TO USE, OR NOT TO USE, THE OXFORD COMMA
This past March, a $10 million lawsuit hinged on the absence of the Oxford comma (the last comma in a series). The state of Maine requires that all employees who work more than 40 hours per week must be paid overtime, with a few exceptions. These exceptions were stated as workers involved in “the canning, processing, preserving, freezing, drying, marketing, storing, packing for shipment or distribution of perishable foods.” A Maine milkman named Chris O’Connor realized that it was ambiguous as to whether the overtime exclusion applied to workers who just packed perishable foods for shipment or distribution or whether it was intended also to be applied to those who just distributed perishable foods. The judge agreed that it was indeed ambiguous and therefore 75 milk distributors were awarded a total of $10 million in unpaid overtime.
As pedantic as it may seem, the use – or lack thereof – of the Oxford comma is a subject of fierce debate among self-proclaimed grammar nerds, writers, journalists, and publishers alike. I distinctly remember being taught about this grammatical controversy in eighth grade and immediately taking a side in favor of the contended comma. Perhaps in some instances it is, as critics argue, redundant, but in so many cases, it is needed. For example, without the comma, the sentence “I would like to invite my cousins, Katie and Sarah” becomes ambiguous as to whether I am inviting my cousins named Katie and Sarah, or whether I want to invite my cousins plus two other people named Katie and Sarah.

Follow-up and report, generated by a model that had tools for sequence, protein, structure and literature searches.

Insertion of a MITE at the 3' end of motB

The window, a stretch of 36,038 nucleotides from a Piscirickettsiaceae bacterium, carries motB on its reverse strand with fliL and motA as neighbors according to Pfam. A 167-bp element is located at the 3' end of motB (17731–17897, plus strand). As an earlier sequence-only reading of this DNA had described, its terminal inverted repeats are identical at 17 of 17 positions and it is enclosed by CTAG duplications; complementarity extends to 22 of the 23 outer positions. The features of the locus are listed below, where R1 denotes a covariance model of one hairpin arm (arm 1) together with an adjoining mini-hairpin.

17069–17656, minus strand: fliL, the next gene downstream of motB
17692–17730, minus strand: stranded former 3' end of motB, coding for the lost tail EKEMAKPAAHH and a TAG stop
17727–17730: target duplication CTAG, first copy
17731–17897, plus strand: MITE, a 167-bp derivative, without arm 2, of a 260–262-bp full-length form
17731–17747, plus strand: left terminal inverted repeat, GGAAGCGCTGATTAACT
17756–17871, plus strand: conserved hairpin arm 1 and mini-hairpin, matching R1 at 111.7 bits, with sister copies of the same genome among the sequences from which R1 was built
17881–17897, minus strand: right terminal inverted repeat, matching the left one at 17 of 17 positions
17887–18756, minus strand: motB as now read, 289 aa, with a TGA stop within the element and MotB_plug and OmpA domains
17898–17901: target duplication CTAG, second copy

We at CMM primarily, though not fully, follow the Associated Press Stylebook, which is the usage guide created to standardize mass communications in the press. It would shock you to know how many tweaks and changes are made on a yearly basis. In an article title, for example, only prepositions longer than four letters are capitalized one year, while the next year four-letter prepositions, such as “with,” must also be capitalized. AP recently deemed the use of “their” as an acceptable singular gender-ambiguous possessive pronoun. While this has always been considered wrong in proper English, everyone uses it in “their” speech since the English language does not have a proper pronoun of this nature, and “his or her” is exceedingly awkward. So in the absence of creating a new word, I applaud the much needed acceptance of this usage of “their.”
In light of its necessity, thus proven by the Maine milkman’s lawsuit (as well as my eighth grade sworn allegiance), we at CMM are now diverging from AP on this particular point and will be henceforth in league with the controversial comma.